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Revenue Operations

Running RevOps at a Seed Stage Startup

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Asia Corbett, Director of RevOps, joins Keegan Otter on the RevOps Co-Op Webinar series! During this episode, Asia talks about making the best out of a limited budget, early startup revenue operations priorities, and which tools are a must-have for every revenue operations team.

Based in the San Francisco Bay Area, Asia Corbett is the Director of RevOps at

Those of us who have been part of an early-stage startup know the ups and downs of navigating operations in that world. It's exciting because you get to try your hand at everything you can imagine, and it's exhausting because resources are always limited. The goal is to make as much out of as little as possible, and Asia Corbett shares how she's done just that. Listen to the full webinar for more or read the highlights below.

Starting Out on the Right Foot

Establishing processes and data hygiene best practices early in the game may seem counterintuitive. Startups are known for their laid-back attitudes about things like rules. But the trick to doing operations well at a small startup is to try to start with a solid tech stack with as many best practices in place as early as possible. 

Trust us when we say that putting processes in place doesn't get any easier as a company matures. Asia is smart to build that infrastructure early. While she admits that her marketing automation platform may change, many of the tools she has today will scale with the company.

What surprised us was that had already invested in a customer data platform. Typically this is a later stage purchase, but it's smart for younger companies to build a customer data platform muscle early. Particularly with Google's announcement of the looming demise of third-party data (Well, third-party cookies, that is. There are still options out there.).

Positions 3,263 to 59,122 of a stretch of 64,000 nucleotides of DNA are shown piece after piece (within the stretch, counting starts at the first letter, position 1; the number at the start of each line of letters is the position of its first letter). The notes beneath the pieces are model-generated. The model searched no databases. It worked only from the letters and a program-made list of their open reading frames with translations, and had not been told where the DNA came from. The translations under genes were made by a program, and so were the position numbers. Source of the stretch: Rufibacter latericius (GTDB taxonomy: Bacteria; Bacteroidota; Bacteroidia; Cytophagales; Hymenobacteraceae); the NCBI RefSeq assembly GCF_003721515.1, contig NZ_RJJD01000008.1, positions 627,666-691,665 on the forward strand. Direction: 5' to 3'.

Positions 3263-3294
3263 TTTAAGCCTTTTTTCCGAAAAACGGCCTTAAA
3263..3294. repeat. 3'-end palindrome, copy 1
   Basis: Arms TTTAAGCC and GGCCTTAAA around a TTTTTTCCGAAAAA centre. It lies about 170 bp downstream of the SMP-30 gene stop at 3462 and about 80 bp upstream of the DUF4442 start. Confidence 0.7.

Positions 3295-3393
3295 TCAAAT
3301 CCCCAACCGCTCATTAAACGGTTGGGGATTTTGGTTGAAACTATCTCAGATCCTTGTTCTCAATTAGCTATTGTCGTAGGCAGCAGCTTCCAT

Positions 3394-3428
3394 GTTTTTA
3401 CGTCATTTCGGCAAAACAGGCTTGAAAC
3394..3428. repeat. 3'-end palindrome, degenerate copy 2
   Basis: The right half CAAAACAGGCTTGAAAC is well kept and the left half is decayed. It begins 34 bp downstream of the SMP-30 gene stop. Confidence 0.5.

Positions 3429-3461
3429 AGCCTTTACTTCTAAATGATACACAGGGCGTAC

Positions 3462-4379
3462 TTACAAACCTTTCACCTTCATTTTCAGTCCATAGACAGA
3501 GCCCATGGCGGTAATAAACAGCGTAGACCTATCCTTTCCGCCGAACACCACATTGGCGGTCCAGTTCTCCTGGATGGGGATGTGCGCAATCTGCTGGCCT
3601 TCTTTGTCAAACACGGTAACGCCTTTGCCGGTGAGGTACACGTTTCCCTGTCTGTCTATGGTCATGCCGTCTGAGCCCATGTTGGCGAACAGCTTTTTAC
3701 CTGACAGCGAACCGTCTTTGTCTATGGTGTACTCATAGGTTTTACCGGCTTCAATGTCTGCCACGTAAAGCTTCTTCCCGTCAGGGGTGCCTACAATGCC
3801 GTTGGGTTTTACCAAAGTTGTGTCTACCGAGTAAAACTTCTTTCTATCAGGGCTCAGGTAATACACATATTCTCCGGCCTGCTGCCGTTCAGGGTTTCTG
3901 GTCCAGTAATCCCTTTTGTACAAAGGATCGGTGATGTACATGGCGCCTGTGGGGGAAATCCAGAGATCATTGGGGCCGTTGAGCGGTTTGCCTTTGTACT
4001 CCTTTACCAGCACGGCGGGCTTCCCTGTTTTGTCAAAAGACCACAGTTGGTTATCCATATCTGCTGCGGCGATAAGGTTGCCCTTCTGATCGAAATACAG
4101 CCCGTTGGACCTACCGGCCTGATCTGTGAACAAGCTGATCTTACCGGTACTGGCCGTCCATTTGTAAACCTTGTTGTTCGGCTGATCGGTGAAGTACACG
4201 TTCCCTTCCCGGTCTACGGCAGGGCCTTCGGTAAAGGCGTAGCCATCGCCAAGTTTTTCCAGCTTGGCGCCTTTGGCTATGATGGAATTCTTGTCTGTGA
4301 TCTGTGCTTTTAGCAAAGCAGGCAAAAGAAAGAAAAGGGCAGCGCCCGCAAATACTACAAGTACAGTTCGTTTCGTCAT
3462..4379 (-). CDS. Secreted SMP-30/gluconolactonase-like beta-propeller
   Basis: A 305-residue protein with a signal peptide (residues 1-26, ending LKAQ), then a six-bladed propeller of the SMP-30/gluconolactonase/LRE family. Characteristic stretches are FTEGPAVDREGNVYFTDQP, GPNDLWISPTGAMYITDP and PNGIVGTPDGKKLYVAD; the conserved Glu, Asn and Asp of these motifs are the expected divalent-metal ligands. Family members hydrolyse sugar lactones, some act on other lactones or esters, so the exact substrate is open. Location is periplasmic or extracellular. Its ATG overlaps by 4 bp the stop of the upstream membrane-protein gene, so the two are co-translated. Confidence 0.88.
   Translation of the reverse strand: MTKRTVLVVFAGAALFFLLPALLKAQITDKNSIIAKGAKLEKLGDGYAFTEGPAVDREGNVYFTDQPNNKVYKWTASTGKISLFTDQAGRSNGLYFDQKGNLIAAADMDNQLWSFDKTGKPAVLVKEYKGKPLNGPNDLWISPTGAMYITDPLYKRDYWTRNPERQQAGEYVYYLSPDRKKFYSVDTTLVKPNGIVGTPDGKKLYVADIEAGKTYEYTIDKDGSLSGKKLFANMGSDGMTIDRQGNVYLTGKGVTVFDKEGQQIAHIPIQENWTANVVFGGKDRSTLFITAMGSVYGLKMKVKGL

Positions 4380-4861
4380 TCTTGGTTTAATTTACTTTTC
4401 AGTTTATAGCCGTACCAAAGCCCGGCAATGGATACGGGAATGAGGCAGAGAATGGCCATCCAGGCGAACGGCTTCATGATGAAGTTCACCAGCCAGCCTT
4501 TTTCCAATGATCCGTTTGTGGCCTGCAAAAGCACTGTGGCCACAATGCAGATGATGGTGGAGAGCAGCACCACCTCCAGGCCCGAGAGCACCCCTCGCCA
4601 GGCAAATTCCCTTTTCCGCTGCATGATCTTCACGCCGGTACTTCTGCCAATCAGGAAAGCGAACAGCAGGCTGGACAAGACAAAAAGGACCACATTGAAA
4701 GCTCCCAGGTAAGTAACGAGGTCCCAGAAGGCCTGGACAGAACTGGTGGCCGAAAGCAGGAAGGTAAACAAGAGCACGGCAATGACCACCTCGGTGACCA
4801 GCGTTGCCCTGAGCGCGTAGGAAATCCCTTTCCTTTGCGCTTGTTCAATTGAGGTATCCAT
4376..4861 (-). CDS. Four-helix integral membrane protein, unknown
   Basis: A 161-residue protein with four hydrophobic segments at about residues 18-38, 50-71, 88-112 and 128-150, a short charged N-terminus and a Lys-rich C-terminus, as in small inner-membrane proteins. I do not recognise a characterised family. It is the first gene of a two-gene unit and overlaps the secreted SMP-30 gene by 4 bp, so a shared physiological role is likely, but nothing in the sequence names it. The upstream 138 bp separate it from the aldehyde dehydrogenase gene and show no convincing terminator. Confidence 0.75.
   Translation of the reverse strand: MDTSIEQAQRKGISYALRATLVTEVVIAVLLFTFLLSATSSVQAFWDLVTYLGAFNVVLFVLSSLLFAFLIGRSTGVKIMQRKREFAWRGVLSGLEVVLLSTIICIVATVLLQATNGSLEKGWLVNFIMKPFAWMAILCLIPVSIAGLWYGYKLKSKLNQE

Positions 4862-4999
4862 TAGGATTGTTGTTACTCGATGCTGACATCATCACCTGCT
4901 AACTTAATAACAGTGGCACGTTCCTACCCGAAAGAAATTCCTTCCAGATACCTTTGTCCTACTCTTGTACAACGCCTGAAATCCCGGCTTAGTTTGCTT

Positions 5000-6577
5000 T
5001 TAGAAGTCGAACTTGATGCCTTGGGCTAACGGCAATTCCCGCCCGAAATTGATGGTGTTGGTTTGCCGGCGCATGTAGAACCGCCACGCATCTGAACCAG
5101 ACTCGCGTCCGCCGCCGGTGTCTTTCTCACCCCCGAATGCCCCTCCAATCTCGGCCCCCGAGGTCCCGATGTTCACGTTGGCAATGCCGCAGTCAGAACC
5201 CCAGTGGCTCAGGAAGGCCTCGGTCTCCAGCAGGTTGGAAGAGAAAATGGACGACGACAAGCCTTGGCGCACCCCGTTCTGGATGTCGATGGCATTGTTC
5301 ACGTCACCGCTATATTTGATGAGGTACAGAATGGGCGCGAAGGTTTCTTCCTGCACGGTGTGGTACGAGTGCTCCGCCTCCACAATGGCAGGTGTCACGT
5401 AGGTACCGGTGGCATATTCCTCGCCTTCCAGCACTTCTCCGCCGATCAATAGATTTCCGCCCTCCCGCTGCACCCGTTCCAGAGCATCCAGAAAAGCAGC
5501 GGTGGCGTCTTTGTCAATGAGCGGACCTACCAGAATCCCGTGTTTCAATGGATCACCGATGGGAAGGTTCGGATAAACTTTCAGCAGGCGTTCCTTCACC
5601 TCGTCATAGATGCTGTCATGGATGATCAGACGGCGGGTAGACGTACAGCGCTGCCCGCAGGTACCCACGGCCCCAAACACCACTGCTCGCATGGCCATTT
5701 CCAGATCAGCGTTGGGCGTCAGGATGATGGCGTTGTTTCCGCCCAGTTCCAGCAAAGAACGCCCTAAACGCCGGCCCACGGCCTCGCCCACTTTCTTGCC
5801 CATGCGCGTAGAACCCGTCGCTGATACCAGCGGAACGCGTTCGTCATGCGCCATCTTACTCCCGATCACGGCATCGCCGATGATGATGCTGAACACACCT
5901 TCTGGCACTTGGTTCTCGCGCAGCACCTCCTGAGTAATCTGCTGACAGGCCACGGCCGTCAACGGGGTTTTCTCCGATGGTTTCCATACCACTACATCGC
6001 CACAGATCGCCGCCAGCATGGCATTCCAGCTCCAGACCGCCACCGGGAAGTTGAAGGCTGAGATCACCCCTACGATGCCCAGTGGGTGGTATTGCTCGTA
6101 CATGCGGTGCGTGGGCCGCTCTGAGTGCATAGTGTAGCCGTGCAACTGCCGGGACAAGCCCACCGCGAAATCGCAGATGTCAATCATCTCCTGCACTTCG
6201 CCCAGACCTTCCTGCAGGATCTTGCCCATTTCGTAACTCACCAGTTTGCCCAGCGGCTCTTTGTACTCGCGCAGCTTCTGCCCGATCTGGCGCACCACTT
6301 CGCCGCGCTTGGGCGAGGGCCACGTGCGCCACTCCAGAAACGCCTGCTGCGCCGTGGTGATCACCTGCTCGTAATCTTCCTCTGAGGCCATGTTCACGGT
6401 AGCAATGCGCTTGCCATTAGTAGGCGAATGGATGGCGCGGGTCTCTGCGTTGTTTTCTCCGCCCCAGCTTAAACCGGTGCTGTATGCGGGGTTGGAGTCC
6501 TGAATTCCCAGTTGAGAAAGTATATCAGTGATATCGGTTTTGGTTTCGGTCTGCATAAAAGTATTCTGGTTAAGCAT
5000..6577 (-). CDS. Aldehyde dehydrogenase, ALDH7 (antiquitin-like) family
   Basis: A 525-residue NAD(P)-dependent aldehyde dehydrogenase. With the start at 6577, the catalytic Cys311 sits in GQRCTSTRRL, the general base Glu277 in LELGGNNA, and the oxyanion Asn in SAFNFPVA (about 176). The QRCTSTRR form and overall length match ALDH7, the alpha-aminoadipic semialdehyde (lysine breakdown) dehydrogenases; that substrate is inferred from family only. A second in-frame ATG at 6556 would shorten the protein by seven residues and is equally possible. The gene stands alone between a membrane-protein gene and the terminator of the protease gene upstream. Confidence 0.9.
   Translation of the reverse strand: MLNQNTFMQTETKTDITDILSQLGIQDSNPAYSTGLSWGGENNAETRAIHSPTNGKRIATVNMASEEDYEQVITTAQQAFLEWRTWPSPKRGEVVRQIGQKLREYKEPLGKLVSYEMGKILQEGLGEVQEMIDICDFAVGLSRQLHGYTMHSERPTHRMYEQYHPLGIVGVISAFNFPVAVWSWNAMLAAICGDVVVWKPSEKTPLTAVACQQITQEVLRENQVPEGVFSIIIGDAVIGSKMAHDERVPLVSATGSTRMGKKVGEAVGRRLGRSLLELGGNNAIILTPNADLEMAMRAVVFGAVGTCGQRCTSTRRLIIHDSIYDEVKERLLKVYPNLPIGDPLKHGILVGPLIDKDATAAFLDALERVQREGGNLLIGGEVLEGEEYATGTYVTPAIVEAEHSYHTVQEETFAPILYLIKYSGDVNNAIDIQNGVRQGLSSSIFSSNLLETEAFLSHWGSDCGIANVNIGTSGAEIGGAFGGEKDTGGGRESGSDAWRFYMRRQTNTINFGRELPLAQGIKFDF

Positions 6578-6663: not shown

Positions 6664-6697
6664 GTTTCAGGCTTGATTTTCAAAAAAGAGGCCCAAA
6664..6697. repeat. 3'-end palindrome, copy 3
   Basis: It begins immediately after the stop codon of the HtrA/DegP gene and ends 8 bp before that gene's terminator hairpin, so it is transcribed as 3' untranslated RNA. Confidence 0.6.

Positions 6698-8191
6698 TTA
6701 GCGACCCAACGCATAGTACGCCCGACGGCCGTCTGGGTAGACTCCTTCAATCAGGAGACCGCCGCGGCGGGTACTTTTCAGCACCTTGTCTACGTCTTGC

Customer data platforms collect data from your different platforms and find identifiers that tie those systems together to create a unified view of accounts and contacts (and leads). Getting your data in order is absolutely essential if you want to build out marketing attribution, lead scoring, and purchase intent models. Putting that structure in place before data hygiene has ballooned into an emergency is a great idea.

Sometimes automation tools are needed to free up revenue operations to focus elsewhere. As a team of one, Asia fought to bring in a powerful routing and automation tool, LeanData, a big time saver for anyone in charge of territory management.

“One of my favorite tools ever is LeanData. Besides routing leads, you can route contacts, opportunities, and accounts. You can also set up automation within lean data, which has a better user interface and sequencing than Salesforce’s process builder. LeanData has added a few partner apps like Outreach and Slack. So instead of doing the triggers in Outreach, I can set up triggers in LeanData and trigger sequences all within LeanData’s interface in Salesforce.”

Being an Effective Team of One